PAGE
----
Rhode Island Math, Colorado Transparency, And New Jersey Edujobs

In Rhode Island Michael MaGee does the math.  In Douglas County, Colorado they’re negotiating in public and discussing some interesting ideas.

Reason to believe? Interesting school turnaround jobs in New Jersey.

3 Responses to “Rhode Island Math, Colorado Transparency, And New Jersey Edujobs”

  1. Nancy Belford Says:

    Hello,

    When I woke from a lifetime of dreaming, the struggle of present day America and, closer to home, the great Garden State of New Jersey, were playing loud and clear – as if MP3s of where we’ve been and where we are headed have been downloaded and play continuously in my psyche.

    After getting past my anger, guilt and remorse, I put on a cloak of responsibility. The only way to affect positive change is to become part of the solution. Education is the way. Education is the one sure path to recovery. I want to give my energy and attention to education with the purpose of leading this state and this great nation to a brighter and stronger reality. America needs leaders to once again be a leader. New Jersey needs the same.

    Best regards,
    Nancy Belford

  2. Bill Jones Says:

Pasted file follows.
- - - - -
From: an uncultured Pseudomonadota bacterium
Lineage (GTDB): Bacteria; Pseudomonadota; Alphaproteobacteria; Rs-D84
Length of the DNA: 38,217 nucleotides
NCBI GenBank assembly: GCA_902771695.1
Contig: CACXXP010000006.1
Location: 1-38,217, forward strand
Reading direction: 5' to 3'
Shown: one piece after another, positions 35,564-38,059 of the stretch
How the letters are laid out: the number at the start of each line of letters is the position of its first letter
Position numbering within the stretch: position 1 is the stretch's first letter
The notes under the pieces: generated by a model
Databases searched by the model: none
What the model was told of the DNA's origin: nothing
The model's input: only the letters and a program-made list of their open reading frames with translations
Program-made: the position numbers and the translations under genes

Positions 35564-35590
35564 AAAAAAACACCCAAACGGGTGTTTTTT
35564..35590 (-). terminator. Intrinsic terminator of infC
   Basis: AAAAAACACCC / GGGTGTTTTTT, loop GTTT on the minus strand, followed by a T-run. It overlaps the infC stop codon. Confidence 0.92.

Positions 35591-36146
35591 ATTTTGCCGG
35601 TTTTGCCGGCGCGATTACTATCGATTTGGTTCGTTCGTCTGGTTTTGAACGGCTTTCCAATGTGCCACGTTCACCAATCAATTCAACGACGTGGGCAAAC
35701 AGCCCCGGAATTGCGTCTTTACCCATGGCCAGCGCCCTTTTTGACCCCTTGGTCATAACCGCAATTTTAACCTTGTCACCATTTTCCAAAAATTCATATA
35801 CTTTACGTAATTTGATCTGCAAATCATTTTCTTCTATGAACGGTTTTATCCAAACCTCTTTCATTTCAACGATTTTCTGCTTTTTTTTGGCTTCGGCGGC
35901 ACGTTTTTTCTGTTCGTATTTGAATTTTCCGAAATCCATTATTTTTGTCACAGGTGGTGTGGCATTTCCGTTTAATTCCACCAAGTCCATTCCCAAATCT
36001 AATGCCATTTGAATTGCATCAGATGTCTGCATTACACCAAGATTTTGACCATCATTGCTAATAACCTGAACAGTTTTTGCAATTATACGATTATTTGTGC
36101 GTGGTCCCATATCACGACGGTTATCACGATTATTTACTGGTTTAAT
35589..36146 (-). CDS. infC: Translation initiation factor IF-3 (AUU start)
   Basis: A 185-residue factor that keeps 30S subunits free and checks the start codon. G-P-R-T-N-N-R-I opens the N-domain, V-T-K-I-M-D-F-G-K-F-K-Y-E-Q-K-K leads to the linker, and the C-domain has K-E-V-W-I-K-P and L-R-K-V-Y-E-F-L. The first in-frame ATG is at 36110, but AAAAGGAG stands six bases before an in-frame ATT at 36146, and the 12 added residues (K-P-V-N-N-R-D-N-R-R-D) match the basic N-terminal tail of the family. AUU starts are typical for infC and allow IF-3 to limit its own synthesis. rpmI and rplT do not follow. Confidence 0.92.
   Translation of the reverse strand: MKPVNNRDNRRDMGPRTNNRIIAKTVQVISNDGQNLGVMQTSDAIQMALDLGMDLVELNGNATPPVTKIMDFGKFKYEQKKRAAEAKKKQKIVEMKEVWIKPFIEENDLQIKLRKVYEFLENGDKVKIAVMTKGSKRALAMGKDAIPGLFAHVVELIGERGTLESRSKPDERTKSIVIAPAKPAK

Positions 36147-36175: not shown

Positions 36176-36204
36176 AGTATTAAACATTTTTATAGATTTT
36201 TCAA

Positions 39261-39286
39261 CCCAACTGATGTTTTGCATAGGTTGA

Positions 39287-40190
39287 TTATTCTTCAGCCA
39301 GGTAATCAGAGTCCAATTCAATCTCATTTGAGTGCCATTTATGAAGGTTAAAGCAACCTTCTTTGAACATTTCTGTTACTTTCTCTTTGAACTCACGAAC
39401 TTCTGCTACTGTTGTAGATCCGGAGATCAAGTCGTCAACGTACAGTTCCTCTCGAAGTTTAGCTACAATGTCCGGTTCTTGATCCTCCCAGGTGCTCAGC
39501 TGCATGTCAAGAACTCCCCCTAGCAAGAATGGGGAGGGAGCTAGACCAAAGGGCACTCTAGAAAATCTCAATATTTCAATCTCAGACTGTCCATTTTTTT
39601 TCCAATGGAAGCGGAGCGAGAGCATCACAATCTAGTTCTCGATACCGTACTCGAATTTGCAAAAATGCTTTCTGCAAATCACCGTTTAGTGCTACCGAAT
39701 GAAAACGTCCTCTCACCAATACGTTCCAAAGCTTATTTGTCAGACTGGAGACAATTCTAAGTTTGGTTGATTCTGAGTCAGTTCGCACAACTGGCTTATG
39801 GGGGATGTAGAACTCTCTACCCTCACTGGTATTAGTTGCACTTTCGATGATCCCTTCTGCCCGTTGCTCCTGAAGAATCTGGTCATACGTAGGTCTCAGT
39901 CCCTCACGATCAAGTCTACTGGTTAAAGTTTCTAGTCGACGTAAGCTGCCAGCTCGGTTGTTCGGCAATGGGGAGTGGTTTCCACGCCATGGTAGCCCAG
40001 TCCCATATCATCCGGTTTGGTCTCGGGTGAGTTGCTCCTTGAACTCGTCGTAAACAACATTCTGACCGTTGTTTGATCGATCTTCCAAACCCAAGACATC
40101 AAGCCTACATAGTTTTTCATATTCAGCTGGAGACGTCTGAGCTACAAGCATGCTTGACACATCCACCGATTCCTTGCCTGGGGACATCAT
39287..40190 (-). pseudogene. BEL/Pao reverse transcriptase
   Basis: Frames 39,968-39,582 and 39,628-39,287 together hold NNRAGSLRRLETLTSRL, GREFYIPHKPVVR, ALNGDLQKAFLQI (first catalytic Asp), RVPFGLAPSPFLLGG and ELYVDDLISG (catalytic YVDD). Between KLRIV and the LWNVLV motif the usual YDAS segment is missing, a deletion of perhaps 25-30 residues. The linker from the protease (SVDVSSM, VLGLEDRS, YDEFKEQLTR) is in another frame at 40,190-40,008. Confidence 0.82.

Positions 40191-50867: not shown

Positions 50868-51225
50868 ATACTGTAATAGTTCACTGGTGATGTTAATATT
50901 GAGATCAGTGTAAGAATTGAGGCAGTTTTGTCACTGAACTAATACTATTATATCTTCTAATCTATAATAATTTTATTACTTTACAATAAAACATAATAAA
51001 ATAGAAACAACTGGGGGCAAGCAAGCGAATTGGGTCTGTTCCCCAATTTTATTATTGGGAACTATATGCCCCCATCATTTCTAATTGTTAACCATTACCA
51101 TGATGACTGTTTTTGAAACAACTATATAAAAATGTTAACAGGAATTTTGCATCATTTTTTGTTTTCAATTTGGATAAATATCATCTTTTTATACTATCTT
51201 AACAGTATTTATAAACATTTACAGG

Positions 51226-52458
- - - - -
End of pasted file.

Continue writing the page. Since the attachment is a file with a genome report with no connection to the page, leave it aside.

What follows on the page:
Another “expert” in math who is a journalist, blogger, and big mouthed edu-reformer.

    Does the nonsense never end in the edu-reform movement?

    Get a degree in math and an advance degree and then you can have a seat at the table.

  3. Bill Jones Says:

    To Ms. Carroll,

    I agree. Pay math and science folks more. They do more in one day to increase the productivity of this nation than you have done in your entire life of journalism.

    It is doubtful that you will get engineering folks into the classroom unless their skills are outdated. And they can be had at current market rates. No premium is needed.

    But if you want that ‘bright”, fresh out of engineering school, that is NOT going to happen.

    The pay will have to be 2.5 times what you will offer. Any wage savings will be lost immediately to S and D forces.

    Good try. But until districts pony up the cash for the bright one, they will only talk about it. This is a negotiating trick on their part.

    Besides, look at them. Big fat stipend, big fat health benefits, and pretty much lifetime tenure and political career building opportunities.

    Also look at the district office in Denver. Loads of pencil twiddlers, waiting for retirement, earning 6 figures, and old as the hills. Heck, all the do all day long is attempt to spike their retirements.

    If you want to pay select math and sciences people more, then do this: Cut the pay of the school board. Cut the pay of the administrators. Cut the pay of the superintendent.

    Simple to do.

    PAY THE PEOPLE WHO ADD THE VALUE.

    Sounds like free market discipline to me.

    It works that way at the university lab where I work. I makes 1.5 time what the HRD twiddler makes.

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